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COLUMN: A Senior Moment with Barry ZeVan: Martha Raddatz and World Turmoil, as well as a Lady who Made us Forget our Cares Temporarily

Updated: 07/23/2014 11:46 AM
Created: 07/23/2014 8:44 AM KSTP.com
By: Barry ZeVan

I deeply respect ABC-TV's indefatigable and truly intrepid reporter, and sometimes THIS WEEK WITH GEORGE STEPHANOPOULOS substitute host, Martha Raddatz. She has been, and is, one of this country's reporters most frequently embedded in the midst of this world's most dangerous landscapes and confrontations, for well over a decade.

This past week, referencing the Israeli-Hamas conflict, the horrific downing of Malaysia Airlines flight MH17, and all other chaos occurring more rapidly and more often than ever, Ms. Raddatz was asked by one of ABC-TV's anchors if she could ever remember any period of time in her career when global events were so out of control.

She paused, and in an almost heartbroken manner, stated "No. I really can't. I've never seen it this bad." Ms. Raddatz is a tough, no-nonsense, tell-it-like-it-is reporter, and a credit to her profession. To see and hear her almost come to tears when stating what she did, certainly, to me at least, put an official stamp on how bad things really are in today's world.

In that regard, what the late Peter Jennings told me in February, 2003, was prescient regarding what the world is experiencing today. I was honored to have Peter as a dear close friend and colleague from 1974 until his death five years ago. He kindly accepted an invitation to appear on my KYCR radio program in the previously-referenced year to help celebrate my then 60th anniversary in broadcasting. I still have the tape and MP3 of that interview. Among the things we discussed was the world, post 9/11. Peter had spent a great deal of time in the Middle East and was married to a Lebanese/Egyptian woman named Annouchka when Peter and I first socialized at a party in my Potomac, Maryland, house in 1974. (Those were halcyon days, to say the least.)

I knew his encyclopedic and ubiquitous knowledge of Middle East mentality was deep, thus I asked him if he felt the Al-Qaedas of the world would ever not exist. He said, sadly, "No, sorry to say, I think events similar to 9/11 will never end and only occur with more frequency as time goes on." It was disheartening to have heard that, but perhaps recent events are evidence Peter may have been very correct in his assessment.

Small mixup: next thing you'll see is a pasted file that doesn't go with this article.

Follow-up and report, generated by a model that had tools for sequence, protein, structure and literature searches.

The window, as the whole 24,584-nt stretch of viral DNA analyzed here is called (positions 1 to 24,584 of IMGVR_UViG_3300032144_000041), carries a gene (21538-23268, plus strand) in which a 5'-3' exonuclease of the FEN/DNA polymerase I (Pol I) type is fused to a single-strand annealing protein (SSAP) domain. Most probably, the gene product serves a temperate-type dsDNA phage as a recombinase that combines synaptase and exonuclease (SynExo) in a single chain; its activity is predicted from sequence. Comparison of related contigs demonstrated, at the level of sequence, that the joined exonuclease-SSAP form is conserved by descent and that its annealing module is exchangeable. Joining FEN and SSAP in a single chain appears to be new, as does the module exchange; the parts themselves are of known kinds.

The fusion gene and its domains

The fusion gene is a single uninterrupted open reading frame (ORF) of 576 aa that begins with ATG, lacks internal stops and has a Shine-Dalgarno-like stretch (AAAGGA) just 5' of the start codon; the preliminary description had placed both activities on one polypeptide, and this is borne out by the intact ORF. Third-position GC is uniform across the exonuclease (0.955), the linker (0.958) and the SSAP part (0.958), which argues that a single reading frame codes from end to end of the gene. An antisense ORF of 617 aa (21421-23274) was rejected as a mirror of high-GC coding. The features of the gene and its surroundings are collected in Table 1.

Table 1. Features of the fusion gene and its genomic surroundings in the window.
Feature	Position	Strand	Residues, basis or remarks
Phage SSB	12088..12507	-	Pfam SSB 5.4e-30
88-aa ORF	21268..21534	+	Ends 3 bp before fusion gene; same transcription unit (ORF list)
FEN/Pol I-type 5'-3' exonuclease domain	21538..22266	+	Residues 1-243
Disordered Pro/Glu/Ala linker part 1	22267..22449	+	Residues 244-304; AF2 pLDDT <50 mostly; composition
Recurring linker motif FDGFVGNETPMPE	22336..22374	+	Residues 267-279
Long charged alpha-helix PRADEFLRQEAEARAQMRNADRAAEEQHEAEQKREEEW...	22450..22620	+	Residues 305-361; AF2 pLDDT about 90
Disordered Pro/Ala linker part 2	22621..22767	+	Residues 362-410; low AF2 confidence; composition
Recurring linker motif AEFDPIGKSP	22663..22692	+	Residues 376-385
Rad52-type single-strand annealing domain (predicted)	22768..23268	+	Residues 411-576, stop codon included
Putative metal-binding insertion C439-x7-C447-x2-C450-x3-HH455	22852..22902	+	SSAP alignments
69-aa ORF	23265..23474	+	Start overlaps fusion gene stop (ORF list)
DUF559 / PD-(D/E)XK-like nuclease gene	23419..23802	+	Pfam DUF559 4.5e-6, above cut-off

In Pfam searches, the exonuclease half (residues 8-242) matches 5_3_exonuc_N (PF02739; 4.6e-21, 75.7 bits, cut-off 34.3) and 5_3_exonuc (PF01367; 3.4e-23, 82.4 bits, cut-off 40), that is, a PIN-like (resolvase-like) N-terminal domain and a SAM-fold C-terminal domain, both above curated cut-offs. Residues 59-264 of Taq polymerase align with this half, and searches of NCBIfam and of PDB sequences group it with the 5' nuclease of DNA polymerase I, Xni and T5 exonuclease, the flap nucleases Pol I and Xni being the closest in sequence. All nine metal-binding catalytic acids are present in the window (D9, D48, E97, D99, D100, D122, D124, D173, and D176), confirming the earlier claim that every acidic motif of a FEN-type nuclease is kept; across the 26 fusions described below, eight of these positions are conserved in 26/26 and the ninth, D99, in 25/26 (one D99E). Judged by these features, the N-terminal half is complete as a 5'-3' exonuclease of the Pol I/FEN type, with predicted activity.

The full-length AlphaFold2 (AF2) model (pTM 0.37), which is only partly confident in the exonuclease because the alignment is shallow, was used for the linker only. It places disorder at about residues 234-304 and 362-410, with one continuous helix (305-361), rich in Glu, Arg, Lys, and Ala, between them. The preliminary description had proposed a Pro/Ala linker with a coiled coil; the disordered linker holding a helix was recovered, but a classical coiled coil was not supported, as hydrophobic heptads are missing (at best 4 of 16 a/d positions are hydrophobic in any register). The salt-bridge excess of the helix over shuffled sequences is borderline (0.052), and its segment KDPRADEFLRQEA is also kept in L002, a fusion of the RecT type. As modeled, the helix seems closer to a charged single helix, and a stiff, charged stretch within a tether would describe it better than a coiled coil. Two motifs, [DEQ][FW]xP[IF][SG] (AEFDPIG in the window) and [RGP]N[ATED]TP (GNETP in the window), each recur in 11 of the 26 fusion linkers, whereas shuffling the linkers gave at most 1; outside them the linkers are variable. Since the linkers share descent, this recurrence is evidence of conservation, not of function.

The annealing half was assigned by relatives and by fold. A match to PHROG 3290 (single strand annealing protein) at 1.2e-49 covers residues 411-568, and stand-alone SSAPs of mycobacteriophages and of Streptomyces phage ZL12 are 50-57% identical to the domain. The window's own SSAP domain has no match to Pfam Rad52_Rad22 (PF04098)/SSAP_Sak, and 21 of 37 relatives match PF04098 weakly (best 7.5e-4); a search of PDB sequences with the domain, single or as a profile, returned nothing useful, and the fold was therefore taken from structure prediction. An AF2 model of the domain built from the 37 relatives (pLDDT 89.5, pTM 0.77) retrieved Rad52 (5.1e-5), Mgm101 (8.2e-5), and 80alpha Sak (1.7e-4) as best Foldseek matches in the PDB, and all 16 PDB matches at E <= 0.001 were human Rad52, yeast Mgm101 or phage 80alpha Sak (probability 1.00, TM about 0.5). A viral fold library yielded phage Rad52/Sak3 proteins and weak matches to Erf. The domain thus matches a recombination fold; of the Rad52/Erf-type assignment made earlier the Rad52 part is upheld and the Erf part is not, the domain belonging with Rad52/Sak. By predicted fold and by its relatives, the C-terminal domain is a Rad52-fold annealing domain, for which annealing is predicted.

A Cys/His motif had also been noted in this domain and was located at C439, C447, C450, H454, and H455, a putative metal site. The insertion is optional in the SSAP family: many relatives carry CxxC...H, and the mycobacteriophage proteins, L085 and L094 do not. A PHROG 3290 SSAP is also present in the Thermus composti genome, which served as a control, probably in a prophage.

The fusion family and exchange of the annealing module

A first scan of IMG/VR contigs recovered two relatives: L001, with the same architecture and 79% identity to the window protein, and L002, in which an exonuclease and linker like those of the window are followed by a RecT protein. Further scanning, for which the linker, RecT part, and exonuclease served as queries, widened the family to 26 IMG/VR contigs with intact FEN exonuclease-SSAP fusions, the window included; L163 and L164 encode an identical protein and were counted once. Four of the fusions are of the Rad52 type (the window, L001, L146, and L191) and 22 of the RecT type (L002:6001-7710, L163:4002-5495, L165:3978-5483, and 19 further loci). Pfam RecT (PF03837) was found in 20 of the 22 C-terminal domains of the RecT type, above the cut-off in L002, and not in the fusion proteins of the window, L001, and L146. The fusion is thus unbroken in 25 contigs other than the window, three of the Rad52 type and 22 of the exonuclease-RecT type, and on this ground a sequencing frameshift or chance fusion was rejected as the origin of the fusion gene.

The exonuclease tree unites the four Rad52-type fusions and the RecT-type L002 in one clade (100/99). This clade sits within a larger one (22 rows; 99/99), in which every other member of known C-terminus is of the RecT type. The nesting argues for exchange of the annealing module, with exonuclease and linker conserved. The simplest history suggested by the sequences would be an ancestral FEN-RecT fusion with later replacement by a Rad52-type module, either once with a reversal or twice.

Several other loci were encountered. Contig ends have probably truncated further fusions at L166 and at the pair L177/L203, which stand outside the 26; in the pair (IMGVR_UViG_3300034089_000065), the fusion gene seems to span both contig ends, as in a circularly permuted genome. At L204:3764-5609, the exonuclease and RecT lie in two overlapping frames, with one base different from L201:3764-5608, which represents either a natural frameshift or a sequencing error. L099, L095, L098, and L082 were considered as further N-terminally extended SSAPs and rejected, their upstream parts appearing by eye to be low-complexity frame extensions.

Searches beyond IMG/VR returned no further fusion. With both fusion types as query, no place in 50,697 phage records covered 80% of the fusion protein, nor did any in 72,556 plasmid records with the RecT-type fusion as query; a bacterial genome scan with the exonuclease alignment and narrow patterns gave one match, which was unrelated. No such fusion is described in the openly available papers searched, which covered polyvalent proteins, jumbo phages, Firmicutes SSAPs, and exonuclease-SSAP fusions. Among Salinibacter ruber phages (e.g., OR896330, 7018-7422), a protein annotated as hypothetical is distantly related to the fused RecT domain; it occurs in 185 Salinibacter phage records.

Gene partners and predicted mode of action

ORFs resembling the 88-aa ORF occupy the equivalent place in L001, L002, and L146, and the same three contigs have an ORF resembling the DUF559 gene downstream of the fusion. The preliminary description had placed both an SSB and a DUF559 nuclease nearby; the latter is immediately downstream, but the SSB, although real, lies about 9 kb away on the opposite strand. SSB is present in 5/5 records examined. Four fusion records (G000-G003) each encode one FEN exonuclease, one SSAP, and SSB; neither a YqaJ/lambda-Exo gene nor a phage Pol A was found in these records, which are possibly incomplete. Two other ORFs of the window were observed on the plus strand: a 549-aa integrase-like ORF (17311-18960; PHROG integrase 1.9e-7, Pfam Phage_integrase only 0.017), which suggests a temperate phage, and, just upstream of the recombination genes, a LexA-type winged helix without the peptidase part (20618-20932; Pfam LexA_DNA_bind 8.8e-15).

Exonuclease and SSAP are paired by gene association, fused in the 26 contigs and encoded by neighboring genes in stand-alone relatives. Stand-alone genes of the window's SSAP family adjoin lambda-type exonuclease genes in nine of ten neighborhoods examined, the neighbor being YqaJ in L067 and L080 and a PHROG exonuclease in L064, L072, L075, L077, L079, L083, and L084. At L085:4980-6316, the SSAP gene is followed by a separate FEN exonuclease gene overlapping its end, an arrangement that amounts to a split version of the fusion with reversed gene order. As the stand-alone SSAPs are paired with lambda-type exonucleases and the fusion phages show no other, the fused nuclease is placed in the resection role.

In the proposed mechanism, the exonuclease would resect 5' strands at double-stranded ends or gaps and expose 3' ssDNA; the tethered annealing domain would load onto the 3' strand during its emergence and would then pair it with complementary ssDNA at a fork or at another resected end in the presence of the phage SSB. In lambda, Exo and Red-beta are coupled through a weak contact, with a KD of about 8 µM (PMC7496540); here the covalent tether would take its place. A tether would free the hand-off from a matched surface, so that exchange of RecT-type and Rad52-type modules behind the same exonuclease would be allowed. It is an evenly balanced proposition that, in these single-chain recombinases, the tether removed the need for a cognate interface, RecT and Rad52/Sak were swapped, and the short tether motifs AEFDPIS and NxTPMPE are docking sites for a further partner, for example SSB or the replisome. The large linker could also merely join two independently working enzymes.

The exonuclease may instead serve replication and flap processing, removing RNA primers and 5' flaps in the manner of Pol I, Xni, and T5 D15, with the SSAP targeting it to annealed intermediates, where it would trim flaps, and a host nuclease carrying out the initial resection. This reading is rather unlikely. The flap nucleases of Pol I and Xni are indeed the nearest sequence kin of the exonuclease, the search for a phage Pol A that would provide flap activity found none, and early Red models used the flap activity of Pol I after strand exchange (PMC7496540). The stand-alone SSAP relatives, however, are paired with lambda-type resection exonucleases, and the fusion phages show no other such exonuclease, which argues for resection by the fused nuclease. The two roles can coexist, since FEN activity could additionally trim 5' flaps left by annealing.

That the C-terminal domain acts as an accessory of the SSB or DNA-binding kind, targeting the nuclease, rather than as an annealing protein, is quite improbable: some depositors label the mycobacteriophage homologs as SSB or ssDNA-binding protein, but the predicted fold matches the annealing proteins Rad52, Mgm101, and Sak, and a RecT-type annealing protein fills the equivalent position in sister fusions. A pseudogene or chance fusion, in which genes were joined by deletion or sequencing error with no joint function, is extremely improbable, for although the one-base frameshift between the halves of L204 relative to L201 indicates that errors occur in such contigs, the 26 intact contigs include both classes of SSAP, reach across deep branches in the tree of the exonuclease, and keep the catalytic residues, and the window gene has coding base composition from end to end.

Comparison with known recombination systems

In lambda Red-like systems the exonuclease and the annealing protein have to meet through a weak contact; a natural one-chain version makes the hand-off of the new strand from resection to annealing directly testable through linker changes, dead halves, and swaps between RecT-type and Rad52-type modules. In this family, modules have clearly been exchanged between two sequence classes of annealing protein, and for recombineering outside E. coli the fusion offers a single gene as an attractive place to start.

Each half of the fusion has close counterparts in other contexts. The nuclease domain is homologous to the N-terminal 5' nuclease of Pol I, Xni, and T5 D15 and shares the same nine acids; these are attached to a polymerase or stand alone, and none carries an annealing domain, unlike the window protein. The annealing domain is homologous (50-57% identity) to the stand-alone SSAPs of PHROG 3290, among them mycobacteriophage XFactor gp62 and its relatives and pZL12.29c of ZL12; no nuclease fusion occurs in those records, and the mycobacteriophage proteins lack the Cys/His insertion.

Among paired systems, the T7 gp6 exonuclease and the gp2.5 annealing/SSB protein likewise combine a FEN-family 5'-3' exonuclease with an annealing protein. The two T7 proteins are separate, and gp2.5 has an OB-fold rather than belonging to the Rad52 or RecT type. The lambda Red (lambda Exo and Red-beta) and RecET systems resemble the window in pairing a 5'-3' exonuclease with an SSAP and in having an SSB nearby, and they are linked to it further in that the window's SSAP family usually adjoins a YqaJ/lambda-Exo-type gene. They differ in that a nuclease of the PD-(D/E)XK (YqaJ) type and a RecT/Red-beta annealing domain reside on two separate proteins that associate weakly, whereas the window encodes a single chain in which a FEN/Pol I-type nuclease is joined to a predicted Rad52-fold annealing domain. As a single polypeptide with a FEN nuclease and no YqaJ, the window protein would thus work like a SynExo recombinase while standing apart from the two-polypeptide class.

My assessment is all the immature anger, frustration-to-extremes and need-to-vent (including domestically) stem from three of what I think may be the saddest words in the English language: Ego, power and greed. With those eliminated from human-nature and our lexicons, what a pleasant existence this would be. That thought also echoes the closing words, set to music, of a 1950s religion-oriented, syndicated television program entitled THE CHRISTOPHERS. That program concluded with these lyrics: "If everyone lit just one little candle, what a bright world it would be". Amen to that. Of course, it will never happen, as Peter said, but it's nice about which to muse. (P.S. SIDEBAR REGARDING MARTHA RADDATZ: I was told she was born and raised in Idaho Falls, Idaho, and used to watch me doing the weather on television there ((960-65)) during her formative and teenage years. I haven't confirmed it with Ms. Raddatz, but if that was the case, it would be fun to know.)

ELAINE STRITCH: It was sad to learn this morning, Elaine Stritch, one of Broadway's giants and a movie talent of equally explosive and compelling performance abilities...for six decades...passed away last night.

I met Elaine only twice, for television show interviews, but was interested to learn she had also acted a couple times on MISTER PEEPERS, the show on which I was blessed to have portrayed one of the students for two seasons (1952-53) and which has been referenced here in a previous blog or two. We "students" weren't on every Sunday's episode (understandably too expensive for the producers), regardless, it was fun for me to learn she'd been one of the actresses on the show, at least once. When she was here a few years ago in her great one-woman show, I spotted her walking downtown, stopped the car to exchange pleasantries and reminders of our two previous interviews. The conversation was warm and that was that. Born into a wealthy Detroit-area family, she was totally uninhibited, which propelled her to be the powerhouse multi-talented performer she was, and will be missed. As Alec Baldwin tweeted this morning (paraphrasing here) about her passing, "If God doesn't know she's on her way, He's in serious trouble". Tonight, all the Broadway theaters will justifiably dim their lights in her memory. Brava, Elaine.

Thanks, once again, and always, for taking the time to read my geezer thoughts.

Barry ZeVan is a columnist for KSTP.com.


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